Disclaimer: I received a copy of this book via NetGalley. You can read my disclosure policy here. As a warning, this review does contain significant spoilers.
Uuuuuuuuugh, where do I start with this book?
As I posted on Instagram recently, I... wanted to like it. I feel like it had a lot of good things going for it. Unfortunately, it suffered from a few flaws. But a few, I mean quite a few. By quite a few, I mean, ok, a lot. I'm trying to be nice here.
Here's a brief synopsis: Beth, formerly JJ, was abducted, alongside her best friend, Sunny, 15 years before. In the small town of Graveyard Falls, after a tornado devastates the the area, a massive graveyard full of the bodies of adolescent girls is discovered. Beth, now an FBI agent, teams up with her former high school crush-turned-sheriff (Ian, who ditched her the night she was abducted and whose stepfather was arrested for her abduction and Sunny's disappearance) to investigate the crime.
Firstly, we are introduced to FAR too many characters throughout the book. The point of view switches too many times. First we have JJ, then Beth, who is JJ, then Ian, then Prissy, then the murderer, then the Reverend, then Vanessa. It's. Just. Too. Many. It's back and forth, back and forth. I'm a firm believer in keeping point of view as simple as possible to avoid tense confusion. (I'm terrible with tense in the first place in my own writer. Don't confuse me while I'm reading too!)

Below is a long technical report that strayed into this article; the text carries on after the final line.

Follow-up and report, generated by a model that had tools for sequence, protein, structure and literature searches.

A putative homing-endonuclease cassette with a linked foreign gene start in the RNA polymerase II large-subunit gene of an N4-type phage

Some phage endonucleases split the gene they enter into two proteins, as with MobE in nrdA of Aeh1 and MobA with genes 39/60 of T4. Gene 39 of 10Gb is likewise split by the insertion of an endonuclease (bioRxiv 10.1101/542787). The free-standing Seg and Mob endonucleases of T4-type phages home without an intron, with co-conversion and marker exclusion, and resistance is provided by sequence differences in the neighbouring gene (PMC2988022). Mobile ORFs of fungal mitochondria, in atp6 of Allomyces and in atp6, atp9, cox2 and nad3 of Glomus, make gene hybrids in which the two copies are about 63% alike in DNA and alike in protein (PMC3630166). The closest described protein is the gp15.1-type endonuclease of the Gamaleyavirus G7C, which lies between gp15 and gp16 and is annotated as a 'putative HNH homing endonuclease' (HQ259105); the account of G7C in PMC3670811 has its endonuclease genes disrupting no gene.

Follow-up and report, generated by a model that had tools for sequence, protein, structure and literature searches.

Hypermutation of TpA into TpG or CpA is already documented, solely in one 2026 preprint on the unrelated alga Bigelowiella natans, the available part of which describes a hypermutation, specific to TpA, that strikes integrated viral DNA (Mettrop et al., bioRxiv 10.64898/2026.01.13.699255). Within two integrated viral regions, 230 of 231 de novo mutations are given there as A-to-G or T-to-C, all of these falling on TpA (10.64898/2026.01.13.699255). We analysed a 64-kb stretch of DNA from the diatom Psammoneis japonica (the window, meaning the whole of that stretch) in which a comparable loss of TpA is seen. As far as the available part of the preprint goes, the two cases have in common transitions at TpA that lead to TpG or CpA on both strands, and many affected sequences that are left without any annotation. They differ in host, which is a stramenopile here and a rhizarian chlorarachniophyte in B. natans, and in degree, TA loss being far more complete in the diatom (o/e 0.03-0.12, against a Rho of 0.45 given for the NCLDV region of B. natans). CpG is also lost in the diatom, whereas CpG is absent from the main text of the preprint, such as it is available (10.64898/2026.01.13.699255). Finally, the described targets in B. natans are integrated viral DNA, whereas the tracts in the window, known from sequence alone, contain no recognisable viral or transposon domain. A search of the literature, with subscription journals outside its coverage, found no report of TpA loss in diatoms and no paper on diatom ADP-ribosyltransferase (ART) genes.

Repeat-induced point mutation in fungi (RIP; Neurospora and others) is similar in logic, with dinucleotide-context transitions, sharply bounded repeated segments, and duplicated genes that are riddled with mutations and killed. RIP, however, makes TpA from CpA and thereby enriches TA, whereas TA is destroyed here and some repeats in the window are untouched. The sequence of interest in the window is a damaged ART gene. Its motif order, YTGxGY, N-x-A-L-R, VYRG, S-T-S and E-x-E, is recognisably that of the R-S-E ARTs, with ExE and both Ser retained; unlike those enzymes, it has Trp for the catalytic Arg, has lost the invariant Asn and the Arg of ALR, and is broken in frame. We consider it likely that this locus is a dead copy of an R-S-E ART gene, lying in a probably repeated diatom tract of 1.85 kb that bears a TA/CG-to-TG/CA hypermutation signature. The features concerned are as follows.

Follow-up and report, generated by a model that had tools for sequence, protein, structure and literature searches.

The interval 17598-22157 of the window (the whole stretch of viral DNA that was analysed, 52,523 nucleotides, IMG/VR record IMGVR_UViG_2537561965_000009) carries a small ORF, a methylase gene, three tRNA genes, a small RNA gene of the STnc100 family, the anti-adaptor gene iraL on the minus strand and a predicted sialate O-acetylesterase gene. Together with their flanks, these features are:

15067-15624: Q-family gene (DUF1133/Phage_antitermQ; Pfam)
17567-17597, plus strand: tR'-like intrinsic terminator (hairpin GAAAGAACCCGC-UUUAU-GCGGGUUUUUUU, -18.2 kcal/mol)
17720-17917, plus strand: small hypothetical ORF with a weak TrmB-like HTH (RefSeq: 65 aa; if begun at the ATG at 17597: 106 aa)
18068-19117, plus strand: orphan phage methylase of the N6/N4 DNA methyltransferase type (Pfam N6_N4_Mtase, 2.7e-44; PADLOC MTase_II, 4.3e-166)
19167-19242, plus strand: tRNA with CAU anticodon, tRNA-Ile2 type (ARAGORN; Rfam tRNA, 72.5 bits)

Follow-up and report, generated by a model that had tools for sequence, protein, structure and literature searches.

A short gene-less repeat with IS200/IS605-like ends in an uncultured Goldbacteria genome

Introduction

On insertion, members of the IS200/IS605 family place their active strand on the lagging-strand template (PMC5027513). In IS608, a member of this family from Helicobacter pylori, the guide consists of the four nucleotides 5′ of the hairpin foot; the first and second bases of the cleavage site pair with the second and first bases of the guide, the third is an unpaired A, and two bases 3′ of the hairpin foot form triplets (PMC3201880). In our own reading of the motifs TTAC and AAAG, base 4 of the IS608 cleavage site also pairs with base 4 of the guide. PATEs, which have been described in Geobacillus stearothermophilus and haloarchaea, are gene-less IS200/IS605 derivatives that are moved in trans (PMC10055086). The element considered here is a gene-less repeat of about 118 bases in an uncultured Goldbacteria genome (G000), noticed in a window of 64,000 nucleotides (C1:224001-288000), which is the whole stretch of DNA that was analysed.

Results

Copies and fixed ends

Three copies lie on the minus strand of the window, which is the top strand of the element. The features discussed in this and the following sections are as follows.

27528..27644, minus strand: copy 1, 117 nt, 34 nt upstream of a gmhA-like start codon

I think my biggest issue with all this is the way that plot moves forward. Too much happens, but none of it makes sense or is logical. We as readers as asked to suspend disbelief too many times. Within any novel, you are suspending disbelief because novels don't necessarily represent reality, but rather an artistic representation of the world. But sometimes, it's just too much.
Firstly, Beth would not be allowed to work on a case where a girl she was kidnapped with was found. This is her case. She is investigating a serial killer that targeted her specifically. I mean, that's really the biggest suspension of disbelief: the FBI would never allow a victim to work on the case as in the capacity of an agent. There is just no way for her to remain partial regarding the case. The same goes for the main male character, Ian, whose father was arrested for Beth's abduction when they were teenagers. Guess what? He's working the case too! Two people who would never be allowed to work on a case in reality are solving it as partners. That makes absolutely no sense. The FBI would never compromise themselves or a case this way. These storylines don't stand up on shows like Bones or Criminal Minds, let alone in novels.